8. the Java keyword “null” • It means, literally, “nothing” • Has no value • Used as a placeholder before something is given a legitimate value. • Most uninitialized variables have a null value.

  9. A simple Message Box JOptionPane.showMessageDialog (null, "Welcome to the CSE 116 demo"); • null is a necessary placeholder for showMessageDialog • will be used later to specify where to place Message • if null, then it shows up on your screen Welcome to the CSE 116 demo

  10. Use instead of System.out.println int x = 10; JOptionPane.showMessageDialog(null,"X = " + x );

  11. A simple Yes/No/Cancel box Int2 = JOptionPane.showConfirmDialog (null, "Do you really want to Exit?"); Returns an int – Int2 = 0 means Yes Int2 = 1 means No Int2 = 2 means Cancel

  12. comment libraries class definition shared variables main method not-shared support method note end brackets // header imports; // explain why if possible public class Lab1MainClass { public variables; public static void main(String args [ ]) { int x; } // end main method public static supportMethod( ) { }// end supportMethod } // end Lab1MainClass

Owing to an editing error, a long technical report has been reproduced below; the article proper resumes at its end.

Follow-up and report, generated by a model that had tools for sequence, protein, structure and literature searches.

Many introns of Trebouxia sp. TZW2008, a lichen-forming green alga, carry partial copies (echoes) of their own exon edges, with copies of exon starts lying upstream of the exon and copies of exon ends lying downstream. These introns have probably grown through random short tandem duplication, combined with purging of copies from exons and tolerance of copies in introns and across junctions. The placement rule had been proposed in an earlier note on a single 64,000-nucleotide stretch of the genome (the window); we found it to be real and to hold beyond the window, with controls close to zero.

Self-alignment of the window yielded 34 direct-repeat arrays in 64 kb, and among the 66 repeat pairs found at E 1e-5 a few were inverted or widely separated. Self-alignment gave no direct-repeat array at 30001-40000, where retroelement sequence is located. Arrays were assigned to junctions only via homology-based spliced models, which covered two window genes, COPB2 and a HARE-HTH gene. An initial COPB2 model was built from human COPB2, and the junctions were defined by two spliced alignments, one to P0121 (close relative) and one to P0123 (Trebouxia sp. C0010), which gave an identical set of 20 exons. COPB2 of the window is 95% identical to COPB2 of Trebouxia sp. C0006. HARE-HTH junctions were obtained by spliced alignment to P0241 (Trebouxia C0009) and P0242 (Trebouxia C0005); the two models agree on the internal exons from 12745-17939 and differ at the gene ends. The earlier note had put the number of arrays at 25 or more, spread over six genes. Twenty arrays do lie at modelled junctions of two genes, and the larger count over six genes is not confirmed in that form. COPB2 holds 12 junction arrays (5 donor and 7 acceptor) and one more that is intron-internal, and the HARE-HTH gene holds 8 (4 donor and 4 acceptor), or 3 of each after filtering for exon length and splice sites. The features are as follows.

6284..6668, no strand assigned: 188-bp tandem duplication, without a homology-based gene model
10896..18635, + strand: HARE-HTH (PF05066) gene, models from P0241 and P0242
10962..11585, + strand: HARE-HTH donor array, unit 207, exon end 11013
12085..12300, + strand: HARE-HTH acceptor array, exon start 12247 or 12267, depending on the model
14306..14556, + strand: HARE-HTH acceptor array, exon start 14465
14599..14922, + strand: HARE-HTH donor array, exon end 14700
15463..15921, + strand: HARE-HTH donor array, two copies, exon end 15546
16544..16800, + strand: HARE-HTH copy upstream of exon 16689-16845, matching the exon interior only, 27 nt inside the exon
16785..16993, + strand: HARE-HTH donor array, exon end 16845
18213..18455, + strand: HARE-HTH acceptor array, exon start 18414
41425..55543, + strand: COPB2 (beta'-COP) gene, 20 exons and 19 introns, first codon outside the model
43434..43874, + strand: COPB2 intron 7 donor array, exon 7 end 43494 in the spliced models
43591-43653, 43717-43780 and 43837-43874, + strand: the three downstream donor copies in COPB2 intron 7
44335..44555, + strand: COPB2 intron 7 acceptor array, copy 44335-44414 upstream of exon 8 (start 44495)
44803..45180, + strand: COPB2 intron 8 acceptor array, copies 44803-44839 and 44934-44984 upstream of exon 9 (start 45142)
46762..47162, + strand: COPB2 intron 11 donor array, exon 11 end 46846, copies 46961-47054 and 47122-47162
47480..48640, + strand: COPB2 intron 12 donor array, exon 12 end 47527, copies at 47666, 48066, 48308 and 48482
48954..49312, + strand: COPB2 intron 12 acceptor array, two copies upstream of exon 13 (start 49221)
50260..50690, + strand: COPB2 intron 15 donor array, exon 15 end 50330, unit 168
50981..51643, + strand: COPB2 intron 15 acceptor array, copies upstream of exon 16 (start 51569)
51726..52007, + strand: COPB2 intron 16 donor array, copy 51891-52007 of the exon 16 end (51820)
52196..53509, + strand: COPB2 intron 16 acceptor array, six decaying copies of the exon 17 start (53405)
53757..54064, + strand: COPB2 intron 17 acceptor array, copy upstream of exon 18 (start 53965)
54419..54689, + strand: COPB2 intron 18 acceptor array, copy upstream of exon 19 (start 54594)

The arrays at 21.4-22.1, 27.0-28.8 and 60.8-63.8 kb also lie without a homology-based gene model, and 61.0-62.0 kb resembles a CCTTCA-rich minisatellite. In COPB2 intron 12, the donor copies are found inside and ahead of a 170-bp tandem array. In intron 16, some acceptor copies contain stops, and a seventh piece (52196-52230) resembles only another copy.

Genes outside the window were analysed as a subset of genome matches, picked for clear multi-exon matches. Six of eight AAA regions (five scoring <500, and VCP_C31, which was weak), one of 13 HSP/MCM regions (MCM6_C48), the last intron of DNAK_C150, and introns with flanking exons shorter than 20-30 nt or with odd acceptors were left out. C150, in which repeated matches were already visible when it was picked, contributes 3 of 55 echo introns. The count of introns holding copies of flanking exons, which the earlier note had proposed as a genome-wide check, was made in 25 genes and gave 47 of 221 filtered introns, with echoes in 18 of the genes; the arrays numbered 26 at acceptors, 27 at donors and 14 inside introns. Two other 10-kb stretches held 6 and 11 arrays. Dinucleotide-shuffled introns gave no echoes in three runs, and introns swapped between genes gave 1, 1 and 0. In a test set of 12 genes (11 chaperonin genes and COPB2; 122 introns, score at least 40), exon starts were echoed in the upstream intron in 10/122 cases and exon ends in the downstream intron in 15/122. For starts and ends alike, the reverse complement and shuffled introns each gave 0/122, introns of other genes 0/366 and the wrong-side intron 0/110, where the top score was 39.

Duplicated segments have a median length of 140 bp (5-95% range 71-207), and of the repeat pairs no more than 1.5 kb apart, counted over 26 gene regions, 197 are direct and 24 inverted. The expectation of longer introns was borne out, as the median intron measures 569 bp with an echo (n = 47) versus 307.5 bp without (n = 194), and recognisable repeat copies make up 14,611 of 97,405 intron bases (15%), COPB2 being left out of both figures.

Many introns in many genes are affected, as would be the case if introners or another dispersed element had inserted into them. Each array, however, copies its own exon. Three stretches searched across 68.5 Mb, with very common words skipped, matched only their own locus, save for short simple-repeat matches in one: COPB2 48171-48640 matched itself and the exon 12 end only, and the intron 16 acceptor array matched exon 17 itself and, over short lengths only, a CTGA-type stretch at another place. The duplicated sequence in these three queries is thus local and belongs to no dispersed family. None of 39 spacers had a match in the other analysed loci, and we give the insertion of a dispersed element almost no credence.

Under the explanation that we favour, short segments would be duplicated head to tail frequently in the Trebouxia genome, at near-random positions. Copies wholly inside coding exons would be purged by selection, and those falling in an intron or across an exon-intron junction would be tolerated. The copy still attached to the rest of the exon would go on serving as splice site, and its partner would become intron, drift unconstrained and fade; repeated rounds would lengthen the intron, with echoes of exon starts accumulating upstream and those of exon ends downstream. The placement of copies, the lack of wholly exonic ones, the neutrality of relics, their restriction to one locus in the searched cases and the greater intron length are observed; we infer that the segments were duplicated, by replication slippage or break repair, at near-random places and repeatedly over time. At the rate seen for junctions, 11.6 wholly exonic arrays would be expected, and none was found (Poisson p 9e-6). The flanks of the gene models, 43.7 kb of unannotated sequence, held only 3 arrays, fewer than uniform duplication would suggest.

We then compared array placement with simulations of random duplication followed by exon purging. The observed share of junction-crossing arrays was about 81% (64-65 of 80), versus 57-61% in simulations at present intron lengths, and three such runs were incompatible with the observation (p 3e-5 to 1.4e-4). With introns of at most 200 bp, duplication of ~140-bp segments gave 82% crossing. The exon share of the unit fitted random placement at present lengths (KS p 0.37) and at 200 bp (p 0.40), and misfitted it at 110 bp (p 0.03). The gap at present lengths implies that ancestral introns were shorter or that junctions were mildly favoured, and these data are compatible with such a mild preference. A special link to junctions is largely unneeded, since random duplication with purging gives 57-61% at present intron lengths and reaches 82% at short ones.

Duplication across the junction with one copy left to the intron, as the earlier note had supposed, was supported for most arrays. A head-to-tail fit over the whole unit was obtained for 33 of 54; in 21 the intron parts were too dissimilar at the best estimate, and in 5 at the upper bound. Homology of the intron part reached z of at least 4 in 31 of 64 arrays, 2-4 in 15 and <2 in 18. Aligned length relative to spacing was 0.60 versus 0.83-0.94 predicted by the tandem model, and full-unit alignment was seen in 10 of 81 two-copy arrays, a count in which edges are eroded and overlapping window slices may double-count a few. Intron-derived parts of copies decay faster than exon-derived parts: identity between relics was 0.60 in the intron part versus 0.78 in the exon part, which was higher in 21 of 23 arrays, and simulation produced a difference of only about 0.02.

13. // header • Name, Lab, Assumptions • Comments : /* Block Comments */ // end-line comments

  14. imports import javax.swing.JOptionPane; better than import javax.swing.*; No restrictions on import libraries in lab. The alternate to importing libraries explicitly is editing an editor’s CLASSPATH.

  15. public variables • variables that are directly accessible from outside the class • regarded as “unsafe” • always initialize; public static String userInput = “ ”;